Communications down, Mar can’t be reached

Carmela Fonbuena

This is AI generated summarization, which may have errors. For context, always refer to the full article.

Communication has shown to be a huge challenge for disaster management officials. The NDRMMC is counting on satellite phones military radio.

Image courtesy US NOAA

MANILA, Philippines — By early afternoon Friday, November 8, National Disaster Risk Reduction and Management Council executive director Eduardo Del Rosario gave instructions to bring a satellite phone to where Department of the Interior and Local Government (DILG) Secretary Manuel “Mar” Roxas II and Defense Secretary Voltaire Gazmin were in Tacloban City.

The two Cabinet officials have been off the grid since early Friday morning, around the time storm surges submerged downtown Tacloban. They arrived in the city Thursday, November 7, to supervise government response there.

“We hope to establish yung contact sa kanila the soonest posible time. But the roads may not be passable to vehicles because of fallen trees. Baka naglalakad na lang kung hindi pwede because of vehicular problem,” Del Rosario said. (We hope to establish contact with them the soonest possible time. But the roads may not be passable because of fallen trees. They might be walking if it’s not possible because of a vehicular problem.)

Communication has proven to be a huge challenge for disaster management officials. The NDRMMC is counting on satellite phones and military radio. There is contact with Catbalogan City in Samar at the headquarters of the 8th Infantry Division, said Del Rosario.

“We are blind especially in Region 8. In other areas, it’s not so much. We are still getting some reports. But not in region 8,” said Del Rosario. Region 8 covers the provinces placed under typhoon signal number 4, including Leyte and Samar. 

“Eastern Samar is badly hit. But we do not know the extent of damage. As of now, we haven’t received reports on casualties, deaths or injuries. I hope it will stay that way,” Del Rosario said. 

The NDRRMC did not report casualties on Friday. The 3 fatalities were reported on Thursday — 2 were electrocuted and one was struck by lighting.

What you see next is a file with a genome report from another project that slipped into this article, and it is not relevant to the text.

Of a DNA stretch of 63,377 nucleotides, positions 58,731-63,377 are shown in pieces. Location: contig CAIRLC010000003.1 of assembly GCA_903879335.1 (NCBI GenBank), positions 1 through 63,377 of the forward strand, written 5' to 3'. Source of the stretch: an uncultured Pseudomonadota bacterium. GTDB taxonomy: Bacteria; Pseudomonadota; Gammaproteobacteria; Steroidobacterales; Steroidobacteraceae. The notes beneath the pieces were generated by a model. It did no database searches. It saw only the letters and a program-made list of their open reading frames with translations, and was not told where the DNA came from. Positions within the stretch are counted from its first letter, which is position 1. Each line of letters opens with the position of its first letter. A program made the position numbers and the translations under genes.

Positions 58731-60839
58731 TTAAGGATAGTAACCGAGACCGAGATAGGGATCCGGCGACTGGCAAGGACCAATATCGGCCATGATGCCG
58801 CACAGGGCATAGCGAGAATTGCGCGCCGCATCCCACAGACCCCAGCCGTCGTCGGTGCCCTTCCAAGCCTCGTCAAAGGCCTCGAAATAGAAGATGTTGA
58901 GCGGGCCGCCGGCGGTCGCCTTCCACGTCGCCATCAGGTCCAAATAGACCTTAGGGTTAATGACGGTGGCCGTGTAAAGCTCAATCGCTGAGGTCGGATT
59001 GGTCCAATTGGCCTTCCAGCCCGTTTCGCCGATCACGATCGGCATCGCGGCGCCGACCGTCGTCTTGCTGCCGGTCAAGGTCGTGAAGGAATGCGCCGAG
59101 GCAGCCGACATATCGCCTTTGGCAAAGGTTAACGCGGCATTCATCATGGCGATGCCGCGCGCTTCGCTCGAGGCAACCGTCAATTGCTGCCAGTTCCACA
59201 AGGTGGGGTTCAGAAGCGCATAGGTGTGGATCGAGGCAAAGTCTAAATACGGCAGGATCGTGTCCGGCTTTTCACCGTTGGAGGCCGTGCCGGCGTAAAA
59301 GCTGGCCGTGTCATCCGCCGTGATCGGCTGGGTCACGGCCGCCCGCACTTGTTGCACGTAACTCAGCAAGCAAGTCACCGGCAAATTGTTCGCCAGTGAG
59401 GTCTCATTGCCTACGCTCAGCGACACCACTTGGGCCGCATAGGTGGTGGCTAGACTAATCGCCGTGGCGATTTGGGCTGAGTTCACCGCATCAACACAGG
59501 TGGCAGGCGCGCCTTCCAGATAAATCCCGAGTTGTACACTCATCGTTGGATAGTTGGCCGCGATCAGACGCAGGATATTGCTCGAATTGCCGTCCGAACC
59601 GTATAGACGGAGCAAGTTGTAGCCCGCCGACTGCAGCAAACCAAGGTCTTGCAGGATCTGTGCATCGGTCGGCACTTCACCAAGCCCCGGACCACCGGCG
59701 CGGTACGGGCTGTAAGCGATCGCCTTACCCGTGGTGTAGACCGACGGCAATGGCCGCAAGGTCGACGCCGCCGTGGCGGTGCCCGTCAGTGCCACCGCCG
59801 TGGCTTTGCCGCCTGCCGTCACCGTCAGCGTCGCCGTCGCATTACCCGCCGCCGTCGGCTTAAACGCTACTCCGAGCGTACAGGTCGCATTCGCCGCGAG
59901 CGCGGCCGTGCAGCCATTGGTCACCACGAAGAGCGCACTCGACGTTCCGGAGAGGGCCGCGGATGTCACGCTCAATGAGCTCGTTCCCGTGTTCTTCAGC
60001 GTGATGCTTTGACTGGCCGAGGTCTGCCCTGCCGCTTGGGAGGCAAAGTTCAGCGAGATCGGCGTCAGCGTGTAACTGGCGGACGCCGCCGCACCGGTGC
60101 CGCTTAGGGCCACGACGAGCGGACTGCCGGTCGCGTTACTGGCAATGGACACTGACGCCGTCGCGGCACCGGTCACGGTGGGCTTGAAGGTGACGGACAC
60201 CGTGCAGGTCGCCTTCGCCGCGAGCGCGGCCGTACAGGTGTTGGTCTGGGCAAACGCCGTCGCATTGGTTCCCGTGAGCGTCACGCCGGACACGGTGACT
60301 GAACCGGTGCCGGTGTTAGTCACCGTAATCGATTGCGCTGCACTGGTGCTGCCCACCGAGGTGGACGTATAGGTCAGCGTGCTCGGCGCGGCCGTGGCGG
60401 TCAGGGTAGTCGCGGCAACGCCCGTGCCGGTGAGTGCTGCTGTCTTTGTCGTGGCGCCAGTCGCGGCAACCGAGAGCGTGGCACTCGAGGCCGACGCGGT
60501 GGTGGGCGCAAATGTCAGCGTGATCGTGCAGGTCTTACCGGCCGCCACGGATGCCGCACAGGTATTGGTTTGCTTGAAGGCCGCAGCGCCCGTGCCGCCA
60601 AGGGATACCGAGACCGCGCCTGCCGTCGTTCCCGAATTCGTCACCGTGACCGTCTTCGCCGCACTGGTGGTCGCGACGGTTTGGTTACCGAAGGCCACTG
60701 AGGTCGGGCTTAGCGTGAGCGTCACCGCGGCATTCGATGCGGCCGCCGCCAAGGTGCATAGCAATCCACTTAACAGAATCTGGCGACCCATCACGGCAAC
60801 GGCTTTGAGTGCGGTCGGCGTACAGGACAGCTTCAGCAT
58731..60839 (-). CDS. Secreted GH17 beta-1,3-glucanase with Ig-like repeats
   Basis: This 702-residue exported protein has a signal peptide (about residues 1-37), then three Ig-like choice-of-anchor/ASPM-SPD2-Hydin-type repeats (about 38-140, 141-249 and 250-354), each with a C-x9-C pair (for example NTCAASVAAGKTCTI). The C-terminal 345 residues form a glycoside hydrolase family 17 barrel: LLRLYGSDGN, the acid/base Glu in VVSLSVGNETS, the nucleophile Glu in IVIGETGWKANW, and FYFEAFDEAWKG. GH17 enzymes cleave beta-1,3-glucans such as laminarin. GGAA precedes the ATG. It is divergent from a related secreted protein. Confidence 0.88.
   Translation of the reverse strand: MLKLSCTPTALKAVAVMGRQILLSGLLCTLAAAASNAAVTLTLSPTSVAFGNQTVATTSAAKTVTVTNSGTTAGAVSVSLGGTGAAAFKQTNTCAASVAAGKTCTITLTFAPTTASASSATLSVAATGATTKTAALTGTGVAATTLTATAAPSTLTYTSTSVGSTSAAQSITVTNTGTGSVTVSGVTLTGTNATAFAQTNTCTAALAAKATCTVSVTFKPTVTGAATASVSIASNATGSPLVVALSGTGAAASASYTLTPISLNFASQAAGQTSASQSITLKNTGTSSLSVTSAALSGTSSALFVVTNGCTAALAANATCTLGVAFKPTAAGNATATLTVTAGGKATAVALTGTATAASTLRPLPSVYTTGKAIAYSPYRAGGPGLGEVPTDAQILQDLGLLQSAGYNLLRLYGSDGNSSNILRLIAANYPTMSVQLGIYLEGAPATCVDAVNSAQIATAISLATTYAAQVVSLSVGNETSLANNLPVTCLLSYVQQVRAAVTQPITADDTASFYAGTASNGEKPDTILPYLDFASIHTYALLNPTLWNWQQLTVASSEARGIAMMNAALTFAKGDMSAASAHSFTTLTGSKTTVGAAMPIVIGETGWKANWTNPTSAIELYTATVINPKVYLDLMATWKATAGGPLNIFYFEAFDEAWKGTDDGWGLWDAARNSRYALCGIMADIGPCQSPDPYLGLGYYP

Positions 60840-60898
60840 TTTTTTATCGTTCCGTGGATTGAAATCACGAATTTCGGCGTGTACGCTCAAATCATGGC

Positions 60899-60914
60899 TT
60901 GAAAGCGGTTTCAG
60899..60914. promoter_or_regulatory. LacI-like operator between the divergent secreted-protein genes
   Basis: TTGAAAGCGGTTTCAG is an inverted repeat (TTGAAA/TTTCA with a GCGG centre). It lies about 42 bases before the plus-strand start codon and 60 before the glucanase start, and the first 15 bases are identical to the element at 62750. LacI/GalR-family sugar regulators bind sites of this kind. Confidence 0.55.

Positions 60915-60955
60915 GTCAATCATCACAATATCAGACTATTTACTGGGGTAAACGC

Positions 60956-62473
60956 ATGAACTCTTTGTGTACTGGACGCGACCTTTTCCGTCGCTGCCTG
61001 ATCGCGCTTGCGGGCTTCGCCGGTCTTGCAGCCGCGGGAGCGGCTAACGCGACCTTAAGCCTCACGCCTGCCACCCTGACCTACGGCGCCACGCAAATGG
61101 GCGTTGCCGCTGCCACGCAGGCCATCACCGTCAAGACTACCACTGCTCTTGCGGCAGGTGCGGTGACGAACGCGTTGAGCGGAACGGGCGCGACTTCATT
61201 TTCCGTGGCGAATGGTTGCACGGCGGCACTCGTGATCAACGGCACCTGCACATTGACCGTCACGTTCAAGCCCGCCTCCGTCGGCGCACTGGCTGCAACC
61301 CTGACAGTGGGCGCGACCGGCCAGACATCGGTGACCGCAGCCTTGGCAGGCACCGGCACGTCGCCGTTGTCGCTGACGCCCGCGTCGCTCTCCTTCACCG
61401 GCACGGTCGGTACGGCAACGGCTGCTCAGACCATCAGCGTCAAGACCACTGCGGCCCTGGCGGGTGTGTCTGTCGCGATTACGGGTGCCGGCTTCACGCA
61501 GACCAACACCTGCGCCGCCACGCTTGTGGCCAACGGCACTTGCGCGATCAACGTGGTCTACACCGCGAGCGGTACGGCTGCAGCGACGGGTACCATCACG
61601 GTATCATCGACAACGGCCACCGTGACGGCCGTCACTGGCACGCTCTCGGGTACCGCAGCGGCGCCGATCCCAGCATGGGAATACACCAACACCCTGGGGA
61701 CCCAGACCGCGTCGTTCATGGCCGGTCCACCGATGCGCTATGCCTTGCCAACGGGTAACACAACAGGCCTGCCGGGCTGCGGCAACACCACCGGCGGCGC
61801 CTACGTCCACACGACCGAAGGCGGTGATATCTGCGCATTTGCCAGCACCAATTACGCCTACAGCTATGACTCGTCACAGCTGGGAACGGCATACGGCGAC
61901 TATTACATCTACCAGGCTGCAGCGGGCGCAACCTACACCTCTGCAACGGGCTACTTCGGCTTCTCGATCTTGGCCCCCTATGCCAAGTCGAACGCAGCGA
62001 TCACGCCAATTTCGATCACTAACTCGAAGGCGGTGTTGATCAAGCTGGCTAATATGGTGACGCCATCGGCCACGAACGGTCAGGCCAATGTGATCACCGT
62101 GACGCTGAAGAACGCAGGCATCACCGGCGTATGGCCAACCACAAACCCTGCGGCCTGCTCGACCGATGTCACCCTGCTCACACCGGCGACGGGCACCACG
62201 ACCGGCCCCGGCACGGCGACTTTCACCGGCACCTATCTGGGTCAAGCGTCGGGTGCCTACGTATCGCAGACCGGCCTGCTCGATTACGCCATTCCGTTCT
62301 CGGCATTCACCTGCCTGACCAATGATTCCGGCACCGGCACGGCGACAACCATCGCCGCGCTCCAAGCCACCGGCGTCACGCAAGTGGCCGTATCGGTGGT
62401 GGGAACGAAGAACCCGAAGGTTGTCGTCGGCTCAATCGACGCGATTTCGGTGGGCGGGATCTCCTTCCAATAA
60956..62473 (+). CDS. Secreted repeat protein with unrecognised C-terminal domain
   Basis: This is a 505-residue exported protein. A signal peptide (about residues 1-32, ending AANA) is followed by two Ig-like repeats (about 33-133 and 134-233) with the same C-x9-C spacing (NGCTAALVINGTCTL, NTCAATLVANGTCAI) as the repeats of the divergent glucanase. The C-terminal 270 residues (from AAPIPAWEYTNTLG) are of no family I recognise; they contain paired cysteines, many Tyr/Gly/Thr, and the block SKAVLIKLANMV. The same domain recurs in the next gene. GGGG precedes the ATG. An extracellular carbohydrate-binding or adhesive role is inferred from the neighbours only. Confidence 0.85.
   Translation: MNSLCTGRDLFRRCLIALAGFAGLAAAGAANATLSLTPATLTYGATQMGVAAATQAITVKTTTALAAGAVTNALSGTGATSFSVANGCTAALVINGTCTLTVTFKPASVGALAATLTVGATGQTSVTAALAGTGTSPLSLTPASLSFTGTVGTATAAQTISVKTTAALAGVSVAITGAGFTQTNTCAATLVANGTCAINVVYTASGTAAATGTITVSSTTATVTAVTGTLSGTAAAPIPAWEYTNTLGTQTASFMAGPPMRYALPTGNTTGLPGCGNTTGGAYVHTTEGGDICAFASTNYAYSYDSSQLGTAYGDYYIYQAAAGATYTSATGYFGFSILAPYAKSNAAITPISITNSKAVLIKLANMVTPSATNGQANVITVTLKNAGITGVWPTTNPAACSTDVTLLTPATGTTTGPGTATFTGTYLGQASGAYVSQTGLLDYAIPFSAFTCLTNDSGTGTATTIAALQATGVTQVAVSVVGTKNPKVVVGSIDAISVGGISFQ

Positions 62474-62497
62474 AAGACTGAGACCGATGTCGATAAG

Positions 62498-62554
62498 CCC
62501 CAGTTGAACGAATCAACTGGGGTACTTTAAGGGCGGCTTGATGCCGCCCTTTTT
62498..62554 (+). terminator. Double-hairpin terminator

Del Rosario is confident the provinces were prepared to mitigate the impact of the typhoon. “We have our own responders in every barangay, municipality, provinces, and cities. Even before we lost communication with them, they’ve assured us that they’ve conducted preemptive evacuation,” said Del Rosario.

The military’s C-130 cargo plane is scheduled to fly to Tacloban Saturday morning to bring in, among others, personnel who will fix communication lines there. 

“In 24 hours we hope magkakaroon tayo ng line of communication,” Del Rosario said. (In 24 hours, we hope to have the a line of communication.)

Like being on a fast motorcycle

Dubbed as a “super typhoon,” Yolanda is considered as the strongest storm this year. (READ: Most powerful 2013 storm hits PH)

It was PAGASA’s doppler radar in Guiuan town of Eastern Samar has been monitoring Yolanda’s movement and sending radar data and photos. But when Yolanda made its first of at least 5 landfalls there at 4:40 am, the doppler radar went off grid. VSAT transmission was probably cut, said PAGASA’s Esperanza Cayanan. 

Fortunately, PAGASA has doppler radars in Cebu, which was close enough to get radar data and photos. As the typhoon moved towards Mindoro, it was the doppler radar in Tagaytay that gathered data. 

Yolanda made its 2nd landfall in Tolosa, Leyte around 7 am. 

“It felt like driving a motorcycle at the speed of 250 kilometers per hour. Without a helmet!” 

That was how Tacloban City Mayor Alfred Romualdez, a motorcycle enthusiast, described it to his cousin Leyte Representative Ferdinand Martin Romualdez early morning on Friday, November 8, before Leyte lost communication lines. 

Representative Romualdez said he lost all contact to Leyte around 8 am, the time storm surges submerged downtown Tacloban. The storm surges reportedly reached as high as 15 feet. 

Unable to get a flight to Leyte, he was stranded in Manila and had to depend on mobile communication to get updates on the ground and give instructions to local officials. Communications were still down as of early evening Friday. 

In Dinagat, an island province below Leyte and Samar, Representative Arlene “Kaka” Bag-ao said the winds were so strong it felt ike “we’re inside a washing machine.” 

It is both, according to PAGASA officer-in-charge Vicente Malano. —

Add a comment

Sort by

There are no comments yet. Add your comment to start the conversation.

Summarize this article with AI

How does this make you feel?

Download the Rappler App!